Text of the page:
Got to Get Back to the Land*

Hiking and CampingMany people enjoy the feeling of ‘getting away from it all’ by taking camping and hiking trips. There is definitely something to be said for spending some time with nature, turning off the computer and the telephone and enjoying some peace. Other people camp because that’s their culture and way of life. Either way, camping can be a rich experience. But as crime fiction shows us, camping isn’t always the relaxing, peaceful experience it’s sometimes made out to be.

In Agatha Christie’s Appointment With Death, the Boynton family tours the Middle East, making a special excursion to Petra. While they’re on their camping/hiking/sightseeing tour, family matriarch Mrs. Boynton suddenly dies of what seems to be heart failure. But Colonel Carbury isn’t satisfied, and asks Hercule Poirot to investigate. It soon turns out that Mrs. Boynton was poisoned, and Poirot interviews each of the people at the sightseeing encampment. There are plenty of suspects too, since Mrs. Boynton was a tyrant and a mental sadist who kept everyone in her family cowed. In the end Poirot establishes who the murderer is. One of the interesting clues in this murder comes from the location of each of the campers’ tents.

Dorothy Sayers’ Harriet Vane decides to take a hiking holiday in Have His Carcase. She’s just been through a traumatic time standing trial for murder (Strong Poison gives the details on that experience), and she is in need of a rest. During her hiking trip, Vane stops one afternoon for a rest and soon dozes off. When she wakes up, she finds the body of a dead man. She alerts the authorities who start the investigation. The dead man is soon identified as Paul Alexis, a professional dancer at a nearby hotel. At first it looks as though Alexis may have committed suicide, but it soon turns out that he was murdered. With help from Lord Peter Wimsey, Vane discovers who killed Alexis and why. So much for a peaceful hiking holiday…

Scott Young’s Murder in a Cold Climate introduces readers to Matthew ‘Matteesie’ Kitologitak of the RCMP. Matteesie has been asked to investigate the disappearance of a Cessna with three men aboard. He’s getting ready to do just that when he witnesses the shooting death of Native activist Morton Cavendish. It’s not long before Matteesie establishes that the two cases are related, so he changes his focus to an investigation of the murder. He’s hoping that by finding the killer, he may find the answer to what happened to the plane and the men on it. As Matteesie investigates, we get a look at the way things are done in Canada’s Far North. One fact of life there is that people go on hunting and fishing trips that can take them far from home. So they camp. In fact, it’s a popular tourist activity too. It’s not surprise then, that there are several scenes in this novel that take place at different camps. One of those scenes in fact tells us a lot about the mystery.

M.J. McGrath’s White Heat also takes place in Canada’s Far North. Edie Kiglatuk is a hunting guide with an excellent reputation. That reputation is threatened when one of her clients Felix Wagner is shot during a camping/hunting expedition. At first his death is put down to a tragic accident and Edie is given the message to just leave it alone. But then her stepson Joe commits suicide (or did he?) and there’s another death as well. Soon Edie is involved in a complicated case of murder and greed. If she’s going to clear her reputation and find out why her stepson died, she’s going to have to find the murderer. She works with Ellesmere Island police offer Derek Palliser to investigate the case. As they do so, we see how deeply camping is embedded in that culture. People go out for days or more to hunt, trap and fish and in that climate, a good campsite can mean the difference between life and death.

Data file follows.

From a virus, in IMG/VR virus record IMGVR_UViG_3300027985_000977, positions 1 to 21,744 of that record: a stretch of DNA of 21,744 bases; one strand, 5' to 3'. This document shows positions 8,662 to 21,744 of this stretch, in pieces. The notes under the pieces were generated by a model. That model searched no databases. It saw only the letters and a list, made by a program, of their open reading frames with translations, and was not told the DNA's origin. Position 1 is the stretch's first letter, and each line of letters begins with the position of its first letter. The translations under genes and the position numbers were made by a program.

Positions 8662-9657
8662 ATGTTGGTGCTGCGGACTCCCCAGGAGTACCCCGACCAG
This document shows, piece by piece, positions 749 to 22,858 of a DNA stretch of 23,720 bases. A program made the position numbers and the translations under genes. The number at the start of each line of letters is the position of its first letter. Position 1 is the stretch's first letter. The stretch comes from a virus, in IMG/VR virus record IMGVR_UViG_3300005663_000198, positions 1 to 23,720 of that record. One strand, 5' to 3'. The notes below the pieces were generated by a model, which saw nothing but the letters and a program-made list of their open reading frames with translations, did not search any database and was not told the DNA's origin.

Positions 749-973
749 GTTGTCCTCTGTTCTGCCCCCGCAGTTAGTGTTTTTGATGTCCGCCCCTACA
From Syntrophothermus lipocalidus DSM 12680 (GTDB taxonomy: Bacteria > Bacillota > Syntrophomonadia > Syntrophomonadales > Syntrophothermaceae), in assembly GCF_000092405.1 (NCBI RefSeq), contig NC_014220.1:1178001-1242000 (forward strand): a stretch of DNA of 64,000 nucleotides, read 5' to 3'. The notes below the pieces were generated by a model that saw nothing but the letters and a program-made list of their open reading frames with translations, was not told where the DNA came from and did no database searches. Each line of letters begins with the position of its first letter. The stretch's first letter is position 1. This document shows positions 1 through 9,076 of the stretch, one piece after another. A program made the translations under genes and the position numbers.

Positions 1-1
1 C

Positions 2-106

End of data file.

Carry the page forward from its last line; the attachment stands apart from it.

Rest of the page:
In Paddy Richardson’s Hunting Blind, novice psychiatrist Stephanie Anderson takes an unexpected camping trip. One of her clients Elisabeth Clark is troubled by the disappearance years earlier of her younger sister Gracie. This story haunts Anderson, as her own sister Gemma disappeared in a similar way seventeen years earlier. Anderson decides to lay her ghosts to rest, so to speak, by finding out who was responsible for abducting the young girls. So she makes a trip from Dunedin to her family’s home in Wanaka, trying to trace the culprit as she goes. During one stop she meets a hunting guide named Dan, who invites her on a hunting and shooting trip. Anderson demurs at first, but Dan wants to prove to her that

 

‘…all hunters aren’t blokey yobbos.’

 

Finally Anderson agrees and she and Dan take a three-day camping and hiking trip. Making the trip doesn’t catch the criminal. But it does give Anderson a new kind of confidence as well as some interesting and important information. And she finds herself more interested in Dan than she’d imagined she would be.

There’s also Nevada Barr’s Anna Pigeon series. Pigeon is a US National Park Service Ranger, so she spends quite a bit of time camping. She’s assigned to different parks for different amounts of time, so her accommodations vary. But she’s grown quite accustomed to tents, bedrolls and campfires.

There are a lot of other novels of course that feature camping trips (I know, I know, fans of Arnaldur Indriðason’s Strange Shores). And in novels such as Donna Leon’s The Girl of His Dreams, Arthur Upfield’s Napoleon ‘Bony’ Bonaparte series and Adrian Hyland’s Emily Tempest novels, we meet groups of people for whom camping is a way of life. It certainly does have a lot to offer. But – erm – do be careful…

 

 
 

*NOTE: The title of this post is a line from Joni Mitchell’s Woodstock, made popular by Crosby, Stills, Nash & Young.

21 Comments

Filed under Adrian Hyland, Agatha Christie, Arnaldur Indriðason, Arthur Upfield, Donna Leon, Dorothy Sayers, M.J. McGrath, Nevada Barr, Paddy Richardson, Scott Young

21 responses to “Got to Get Back to the Land*

  1. Yes , when there’s a camping trip in a book, the reader is prepared for no good to come of it. Camping features a fair bit in CJ Box’s Joe Pickett series, set in Wyoming, and I enjoy reading about it without feeling any desire to try it myself – and that’s even if it was guaranteed free from murders, rogue hunters, kidnappers, wild men etc etc.